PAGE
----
Located in southern Tuscany, the ancient hill town of Sorano wows visitors with its beauty. Considered one of the “Citta del Tufo,” or “Cities of Tufa,” the picturesque village is perched on the edge of a dramatic tufa ridge.

With a rich history dating back to the Etruscan times, Sorano contains numerous worthwhile sites. Visitors are sure to enjoy the imposing Orsini Fortress or the incredible birdseye view of the surrounding Tuscan countryside from the Masso Leopoldino. A hike along the Vie Cave will satisfy any adventurer, followed by a soak in Sorano’s hot springs. Or simply wandering through the maze of charming cobblestone streets in the historic center is a memorable experience.  

With a population of only 3000, picturesque Sorano may be easy to overlook when planning a trip to Italy. Read on to discover why you should consider adding Sorano to your next adventure in Italy.

Città del Tufo

Sorano (Tuscany) is built on a tuffaceous spur
Sorano is built on a tuffaceous spur. The most iconic monument is the Masso Leopoldino

Sorano is nicknamed the “Matera of Tuscany.” Like the famous city in the south, the unique town sits upon “tufo” or tufa rock. Tufa rock is characteristic of the southern Maremma region. It is a type of limestone rock formed from a volcanic eruption long ago. Sorano is considered a Città del Tufo, along with a handful of other villages in the area, like Pitigliano and Sovana. Tufa rock was used to construct many of the town’s historic buildings.

Top things to see in Sorano, Italy

1. Orsini Fortress

The Orsini Fortress is an impressive fortified castle dating back to the Middle Ages. The powerful Aldobrandeschi Family originally built it. Then in 1293, the last heir of the Aldobrandeschi married a member of the Orsini Family. Control was transferred to the renowned Orsini Family, who expanded the fortress to its present-day form. Eventually, the Republic of Siena took control of the fortress in 1417. Their rule lasted around 150 years until being incorporated into the Grand Duchy of Tuscany in 1556.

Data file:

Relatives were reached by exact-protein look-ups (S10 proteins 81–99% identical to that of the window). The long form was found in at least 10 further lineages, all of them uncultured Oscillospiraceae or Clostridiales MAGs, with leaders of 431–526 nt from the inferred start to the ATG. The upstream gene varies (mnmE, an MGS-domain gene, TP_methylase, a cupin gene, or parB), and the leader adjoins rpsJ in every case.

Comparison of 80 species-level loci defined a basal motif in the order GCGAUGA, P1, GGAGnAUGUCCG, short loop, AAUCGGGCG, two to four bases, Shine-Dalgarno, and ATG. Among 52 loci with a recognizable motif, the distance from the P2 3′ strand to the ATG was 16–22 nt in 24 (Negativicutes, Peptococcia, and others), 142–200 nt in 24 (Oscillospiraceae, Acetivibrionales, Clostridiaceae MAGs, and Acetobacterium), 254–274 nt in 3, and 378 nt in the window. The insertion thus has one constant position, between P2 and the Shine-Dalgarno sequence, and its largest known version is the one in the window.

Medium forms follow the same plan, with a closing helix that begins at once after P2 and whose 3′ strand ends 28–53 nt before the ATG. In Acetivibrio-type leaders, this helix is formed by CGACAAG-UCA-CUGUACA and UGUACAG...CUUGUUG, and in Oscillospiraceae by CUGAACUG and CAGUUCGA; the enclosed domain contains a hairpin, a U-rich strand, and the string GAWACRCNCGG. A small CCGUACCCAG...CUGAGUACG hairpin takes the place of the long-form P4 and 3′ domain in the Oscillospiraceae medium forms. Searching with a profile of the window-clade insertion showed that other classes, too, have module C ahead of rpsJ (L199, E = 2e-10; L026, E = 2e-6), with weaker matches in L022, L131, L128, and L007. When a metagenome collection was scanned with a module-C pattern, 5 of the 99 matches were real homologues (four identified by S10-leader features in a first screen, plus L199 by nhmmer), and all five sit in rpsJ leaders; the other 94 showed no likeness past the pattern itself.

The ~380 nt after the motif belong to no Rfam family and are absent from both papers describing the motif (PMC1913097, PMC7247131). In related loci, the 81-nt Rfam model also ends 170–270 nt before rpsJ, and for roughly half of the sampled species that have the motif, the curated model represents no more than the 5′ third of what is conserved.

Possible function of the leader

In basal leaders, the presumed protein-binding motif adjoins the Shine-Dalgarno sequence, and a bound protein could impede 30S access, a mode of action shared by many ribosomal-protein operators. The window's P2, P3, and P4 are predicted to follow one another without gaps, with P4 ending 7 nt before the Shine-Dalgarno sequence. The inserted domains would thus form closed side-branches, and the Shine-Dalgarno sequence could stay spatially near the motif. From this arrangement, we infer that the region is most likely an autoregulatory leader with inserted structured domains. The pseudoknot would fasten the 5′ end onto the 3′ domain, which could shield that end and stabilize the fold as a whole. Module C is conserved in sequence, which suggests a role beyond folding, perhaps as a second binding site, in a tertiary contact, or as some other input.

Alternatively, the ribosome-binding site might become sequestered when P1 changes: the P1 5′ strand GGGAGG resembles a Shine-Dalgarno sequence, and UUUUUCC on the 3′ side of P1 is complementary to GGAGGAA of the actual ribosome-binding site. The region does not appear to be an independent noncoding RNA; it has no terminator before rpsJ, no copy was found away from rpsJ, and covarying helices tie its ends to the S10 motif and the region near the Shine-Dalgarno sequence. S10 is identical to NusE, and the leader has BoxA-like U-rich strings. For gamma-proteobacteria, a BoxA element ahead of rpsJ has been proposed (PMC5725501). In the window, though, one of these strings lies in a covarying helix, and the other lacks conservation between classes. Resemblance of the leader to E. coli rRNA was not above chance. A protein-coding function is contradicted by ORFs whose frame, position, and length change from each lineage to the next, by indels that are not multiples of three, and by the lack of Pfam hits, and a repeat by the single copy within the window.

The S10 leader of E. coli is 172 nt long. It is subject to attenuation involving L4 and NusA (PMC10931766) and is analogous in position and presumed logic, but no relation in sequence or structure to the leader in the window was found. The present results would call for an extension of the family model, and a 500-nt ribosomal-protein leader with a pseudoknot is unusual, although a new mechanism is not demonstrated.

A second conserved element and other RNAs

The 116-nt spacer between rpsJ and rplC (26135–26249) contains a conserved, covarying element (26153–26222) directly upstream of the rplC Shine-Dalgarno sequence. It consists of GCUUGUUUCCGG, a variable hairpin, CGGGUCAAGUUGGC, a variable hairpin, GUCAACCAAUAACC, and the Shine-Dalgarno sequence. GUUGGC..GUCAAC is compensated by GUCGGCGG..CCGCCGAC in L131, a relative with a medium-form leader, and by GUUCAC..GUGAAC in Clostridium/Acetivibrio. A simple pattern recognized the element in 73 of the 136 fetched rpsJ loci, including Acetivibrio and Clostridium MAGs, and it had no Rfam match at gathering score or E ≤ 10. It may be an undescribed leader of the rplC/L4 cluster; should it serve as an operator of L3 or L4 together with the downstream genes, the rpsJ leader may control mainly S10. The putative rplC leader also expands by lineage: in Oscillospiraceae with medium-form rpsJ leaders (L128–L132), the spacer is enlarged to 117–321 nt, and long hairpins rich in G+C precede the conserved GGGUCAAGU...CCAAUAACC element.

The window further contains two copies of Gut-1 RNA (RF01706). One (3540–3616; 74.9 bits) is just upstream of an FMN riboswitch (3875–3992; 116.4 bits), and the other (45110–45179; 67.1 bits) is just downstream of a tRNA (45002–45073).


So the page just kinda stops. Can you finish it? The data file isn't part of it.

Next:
The fortress consists of two large corner bastions, St. Peter and St. Mark. The bastions were connected to the main gate by external and internal walkways. Many of these are still visible today, and walking along portions of the fortress walls is possible.

The Orsini Fortress houses the Museum of the Middle Ages and Renaissance. The museum is spread across seven rooms. Here you can find a fascinating collection of ceramics from Sorano, 5th-century frescoes, and information on Sorano’s history, including reconstructions and ancient maps.

Explore more: 15 Castles in Tuscany – An Enchanting World of Timeless Beauty

2. Sorano’s City Walls

A labyrinth of charming cobblestone alleyways is contained within the city walls of Sorano. A visit to the town would not be complete without a stroll through the narrow lanes. It is here where most of the historical sites are located.

There are two main gateways: Porta di Sopra and Porta dei Merli. Also known as the Arch of Ferrini, Porta di Sopra is at the bottom of the Orsini Fortress. Located outside the city door is a charming piazza with incredible views. Pass through Porta di Sopra, and follow Via Selvi to the historic heart of Sorano.

The Porta dei Merli, also known as the Porta di Sotto, is located at the base of the Masso Leopoldino. Amazingly you can still see the vertical openings for the chains of the drawbridge.

Sorano, Porta dei Merli
Porta dei Merli is one of the two main gateways of Sorano – Photo by Biggs CC BY 2.0

3. Masso Leopoldino

Masso Leopoldino is a fortified structure located in the historic center of the village. Built into the tufa rock, it was a vital part of the Sorano’s defensive system for a long time. Originally known as “Rocca Vecchia” or “Old Rock,” the original building dates back to the Middle Ages.

The structure was renamed in the early 1800s after Grand Duke Leopoldo II. He completed the restoration of it after a series of landslides between 1801 and 1804 resulted in extensive damage. Regrettably, the ancient church and parts of the original fortress were forever lost.

Near the top is a panoramic terrace offering breathtaking views of the Tuscan countryside. Also situated here is a medieval clock tower, making it the perfect spot for snapping some photos.

4. Collegiate Church of San Nicola

The oldest church in Sorano is located in the historic center, the Collegiata di San Niccolò. It was initially built in 1276 by artisans from Siena. The original church is no longer recognizable as it has undergone numerous restorations. You can find traces of the original masonry toward the back of the church.